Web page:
Please if you have been to an interview or have conducted one lend us your knowledge.   Help us on the way to getting a start on our careers.


Oh and one thing I made the mistake of getting on a department just because I wanted on a paid department.    Dont take the first thing you get make sure that the department you are applying for is the one that you want to be at.      It took me a while to figure that out but know that I have I am trying for where I want to be well the general area.

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While I have never conducted an interview, I have been through many of them. I can share what I have learned and been told over the years. Hope this helps.

Always dress appropriate when picking up the application. This means get rid of the baggy clothes, the "bling bling" as they call it, and leave the baseball cap at home. I am not saying that you need to be in a suit and tie, but dress nice. I was always told this is when the interview starts, from the moment you pick up the application. As far as what to say, keep it simple. Introduce yourself, get the app. and fill it out. When you hand it in, thank the person who gave it to you, and leave. Don't hang around and talk about what your qualifications are, at this point, they don't care. There will be a few hundred more people just like you walking through that door with the same qualifications.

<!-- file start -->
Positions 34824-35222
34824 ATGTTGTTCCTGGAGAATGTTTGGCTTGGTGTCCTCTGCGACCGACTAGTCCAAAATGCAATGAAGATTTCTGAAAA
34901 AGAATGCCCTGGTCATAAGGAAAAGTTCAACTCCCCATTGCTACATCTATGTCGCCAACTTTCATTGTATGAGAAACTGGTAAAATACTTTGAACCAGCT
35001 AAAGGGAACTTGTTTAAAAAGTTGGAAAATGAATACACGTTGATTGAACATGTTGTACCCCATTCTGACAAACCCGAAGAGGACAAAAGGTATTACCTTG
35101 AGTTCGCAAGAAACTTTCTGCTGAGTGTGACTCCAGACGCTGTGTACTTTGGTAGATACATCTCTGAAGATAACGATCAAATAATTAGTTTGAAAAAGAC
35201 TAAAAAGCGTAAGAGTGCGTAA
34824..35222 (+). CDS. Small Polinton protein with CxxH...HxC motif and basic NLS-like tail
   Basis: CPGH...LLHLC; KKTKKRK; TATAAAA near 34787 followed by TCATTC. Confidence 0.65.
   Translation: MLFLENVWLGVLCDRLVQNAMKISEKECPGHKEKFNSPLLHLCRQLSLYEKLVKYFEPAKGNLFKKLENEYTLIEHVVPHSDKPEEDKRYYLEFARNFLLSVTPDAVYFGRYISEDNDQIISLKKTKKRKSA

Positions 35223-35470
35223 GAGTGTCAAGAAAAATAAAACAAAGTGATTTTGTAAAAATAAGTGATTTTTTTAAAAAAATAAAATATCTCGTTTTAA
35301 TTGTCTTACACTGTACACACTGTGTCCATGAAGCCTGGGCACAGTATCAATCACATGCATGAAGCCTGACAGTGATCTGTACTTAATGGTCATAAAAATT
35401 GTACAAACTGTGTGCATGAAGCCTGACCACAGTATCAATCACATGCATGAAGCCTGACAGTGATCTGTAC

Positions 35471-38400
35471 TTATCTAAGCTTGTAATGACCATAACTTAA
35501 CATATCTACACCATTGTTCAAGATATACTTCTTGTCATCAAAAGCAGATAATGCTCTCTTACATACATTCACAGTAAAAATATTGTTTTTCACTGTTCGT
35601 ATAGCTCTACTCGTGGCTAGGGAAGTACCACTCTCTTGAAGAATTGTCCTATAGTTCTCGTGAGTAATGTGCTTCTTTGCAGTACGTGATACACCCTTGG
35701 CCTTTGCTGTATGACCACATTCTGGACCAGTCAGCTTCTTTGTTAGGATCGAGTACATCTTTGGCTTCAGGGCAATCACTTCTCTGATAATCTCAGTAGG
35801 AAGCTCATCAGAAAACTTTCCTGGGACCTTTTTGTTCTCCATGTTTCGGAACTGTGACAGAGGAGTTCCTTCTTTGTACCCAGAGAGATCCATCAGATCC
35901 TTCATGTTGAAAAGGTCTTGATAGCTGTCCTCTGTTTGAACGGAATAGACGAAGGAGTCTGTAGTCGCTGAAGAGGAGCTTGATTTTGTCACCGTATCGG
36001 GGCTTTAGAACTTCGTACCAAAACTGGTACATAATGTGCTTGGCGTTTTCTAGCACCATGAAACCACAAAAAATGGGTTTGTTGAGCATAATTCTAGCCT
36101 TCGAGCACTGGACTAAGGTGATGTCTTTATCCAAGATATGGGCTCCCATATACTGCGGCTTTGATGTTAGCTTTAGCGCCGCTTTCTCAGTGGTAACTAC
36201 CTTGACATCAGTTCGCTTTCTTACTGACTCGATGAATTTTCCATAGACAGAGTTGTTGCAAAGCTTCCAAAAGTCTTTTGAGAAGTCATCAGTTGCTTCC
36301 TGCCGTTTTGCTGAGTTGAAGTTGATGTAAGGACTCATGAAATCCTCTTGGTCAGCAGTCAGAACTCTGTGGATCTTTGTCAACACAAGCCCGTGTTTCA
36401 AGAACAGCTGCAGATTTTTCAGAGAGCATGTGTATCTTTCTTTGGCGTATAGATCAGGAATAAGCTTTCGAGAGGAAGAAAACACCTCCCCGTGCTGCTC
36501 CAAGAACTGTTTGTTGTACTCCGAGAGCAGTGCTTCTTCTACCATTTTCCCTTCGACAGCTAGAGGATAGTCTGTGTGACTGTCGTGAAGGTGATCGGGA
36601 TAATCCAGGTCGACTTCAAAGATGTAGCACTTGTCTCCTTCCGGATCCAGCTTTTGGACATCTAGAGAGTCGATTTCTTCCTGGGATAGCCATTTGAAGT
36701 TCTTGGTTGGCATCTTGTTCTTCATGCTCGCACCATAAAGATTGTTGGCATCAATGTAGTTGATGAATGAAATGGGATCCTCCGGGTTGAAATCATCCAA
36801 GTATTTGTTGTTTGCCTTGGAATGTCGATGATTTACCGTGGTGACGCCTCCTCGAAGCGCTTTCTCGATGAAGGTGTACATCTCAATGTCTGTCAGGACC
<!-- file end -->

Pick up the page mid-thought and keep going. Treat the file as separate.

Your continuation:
On test day, just be respectfull of those you are competing with. Just don't buy into what other testers say. Losts of people will talk themselves up, or claim to be the "golden boy" just to discourage you. Just sit back, relax, and do your best on the test.

Before the interview, do some research on the department and city you are interviewing for. I know it's kind of cleche', but knowledge is power. Knowing about the department can help you with some of those pesky essay questions! Like, why do you want to be a part of this department? I usually made up some resume's for each person in the interview, and passed them out before being seated. These usually included a copy of some of my certification cards. Make them nice, you can get resume' covers at staples.